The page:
All patients underwent a standard preoperative and postoperative evaluation that included a physical examination (Lachman test and pivot-shift test), whole scanogram, and standing AP, lateral, and patellar axial view radiographs. All patients had a complete radiolucency at the tibial and femoral physes (Figure 1). We evaluated physical and physiologic maturity according to the presence menarche onset in girls. None of the girls had reached menarche. One girl was in Tanner stage II and 3 were in Tanner stage III at the time of surgery. Height measurements were taken preoperatively and at most recent follow-up to assess growth. Magnetic resonance imaging was performed preoperatively on all patients to confirm the diagnosis of ACL disruption and to identify associated injuries, including meniscal tears.

Figure 1
Figure 1: Preoperative AP radiograph of ACL injury with wide open physes indicating the patient is skeletally immature.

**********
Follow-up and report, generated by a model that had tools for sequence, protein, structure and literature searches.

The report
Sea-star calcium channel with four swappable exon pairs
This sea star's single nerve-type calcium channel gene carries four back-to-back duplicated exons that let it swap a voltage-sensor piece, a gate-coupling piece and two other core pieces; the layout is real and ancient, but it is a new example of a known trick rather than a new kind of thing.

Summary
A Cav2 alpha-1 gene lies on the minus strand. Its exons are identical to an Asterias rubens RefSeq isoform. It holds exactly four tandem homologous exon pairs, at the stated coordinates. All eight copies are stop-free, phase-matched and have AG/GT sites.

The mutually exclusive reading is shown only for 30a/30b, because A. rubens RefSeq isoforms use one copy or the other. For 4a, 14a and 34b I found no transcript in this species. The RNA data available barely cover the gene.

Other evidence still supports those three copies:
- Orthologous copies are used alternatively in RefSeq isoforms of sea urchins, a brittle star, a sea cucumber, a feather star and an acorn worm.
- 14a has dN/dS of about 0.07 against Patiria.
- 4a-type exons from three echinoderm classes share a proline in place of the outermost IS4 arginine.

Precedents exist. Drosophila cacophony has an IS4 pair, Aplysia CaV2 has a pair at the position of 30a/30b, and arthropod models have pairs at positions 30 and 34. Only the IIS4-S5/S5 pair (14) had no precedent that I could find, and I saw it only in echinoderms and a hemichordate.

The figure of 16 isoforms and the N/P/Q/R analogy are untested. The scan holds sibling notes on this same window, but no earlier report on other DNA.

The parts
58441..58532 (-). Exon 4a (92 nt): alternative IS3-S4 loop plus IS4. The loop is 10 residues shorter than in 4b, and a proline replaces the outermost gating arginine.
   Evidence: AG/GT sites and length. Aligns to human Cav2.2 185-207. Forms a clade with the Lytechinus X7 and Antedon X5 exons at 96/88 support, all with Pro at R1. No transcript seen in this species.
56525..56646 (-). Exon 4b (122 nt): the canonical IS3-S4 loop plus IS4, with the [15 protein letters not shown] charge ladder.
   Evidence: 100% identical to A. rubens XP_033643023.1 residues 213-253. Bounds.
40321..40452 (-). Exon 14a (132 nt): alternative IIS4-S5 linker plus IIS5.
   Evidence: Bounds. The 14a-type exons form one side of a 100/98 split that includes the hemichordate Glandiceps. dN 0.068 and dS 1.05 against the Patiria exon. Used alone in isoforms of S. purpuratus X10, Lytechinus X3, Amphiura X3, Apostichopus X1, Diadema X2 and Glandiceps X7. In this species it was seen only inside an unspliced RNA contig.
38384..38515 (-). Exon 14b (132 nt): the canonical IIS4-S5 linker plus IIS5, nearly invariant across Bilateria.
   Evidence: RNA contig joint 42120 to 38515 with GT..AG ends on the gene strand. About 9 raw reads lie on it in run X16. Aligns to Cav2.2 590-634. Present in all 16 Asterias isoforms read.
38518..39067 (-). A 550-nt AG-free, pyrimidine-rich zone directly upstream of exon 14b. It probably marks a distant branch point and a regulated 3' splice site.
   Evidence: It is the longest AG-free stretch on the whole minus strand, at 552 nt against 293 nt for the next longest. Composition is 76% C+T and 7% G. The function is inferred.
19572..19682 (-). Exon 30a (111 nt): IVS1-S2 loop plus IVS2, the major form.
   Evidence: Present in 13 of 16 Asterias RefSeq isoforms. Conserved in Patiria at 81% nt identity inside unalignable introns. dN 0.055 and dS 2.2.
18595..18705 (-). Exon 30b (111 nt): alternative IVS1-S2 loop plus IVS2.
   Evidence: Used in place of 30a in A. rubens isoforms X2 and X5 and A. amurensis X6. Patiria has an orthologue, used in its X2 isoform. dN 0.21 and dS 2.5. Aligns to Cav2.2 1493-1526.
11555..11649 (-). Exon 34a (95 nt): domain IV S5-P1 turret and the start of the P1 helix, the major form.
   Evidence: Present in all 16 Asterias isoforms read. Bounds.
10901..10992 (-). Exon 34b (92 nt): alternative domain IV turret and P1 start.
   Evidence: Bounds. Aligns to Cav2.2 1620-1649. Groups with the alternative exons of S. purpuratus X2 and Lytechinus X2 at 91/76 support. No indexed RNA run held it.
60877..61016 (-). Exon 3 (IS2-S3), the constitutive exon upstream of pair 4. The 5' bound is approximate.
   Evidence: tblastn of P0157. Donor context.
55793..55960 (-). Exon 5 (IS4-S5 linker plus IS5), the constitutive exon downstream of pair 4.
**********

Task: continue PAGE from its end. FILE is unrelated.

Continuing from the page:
All patients underwent transphyseal ACL reconstruction using anterior tibialis tendon allograft. Additional knee injuries were identified and additional procedures recorded. Eight mm bone tunnels were made through the proximal tibia and distal femoral physis. Grafts were placed in the over-the-top arthroscopic femoral tunnel point using the posterior aspect of the ACL footprint as a tibial guide at a 45° position. The free edge of the tibial tunnel was débrided, and a transtibial femoral offset guide positioned to leave a 1- to 2-mm back wall was hooked in the over-the-top position. A guidewire was placed and then overreamed with an EndoButton reamer (Smith and Nephew Endoscopy, Andover, Massachusetts). Anterior tibialis tendon allografts were prepared by whipstitching the proximal end and placing the graft over a 30- or 35-mm continuous-loop EndoButton under tension. The EndoButton and graft were brought through the tibial tunnel across the joint and through the femoral tunnel. Then the EndoButton was flipped, and tension was applied to the graft to assess its stability, after which the knee was fully extended to assess notch impingement (Figure 2). After that, tibial fixation was achieved with screws-and-washers in 3 cases and a biodegradable interference screw in 1 case (Figure 3).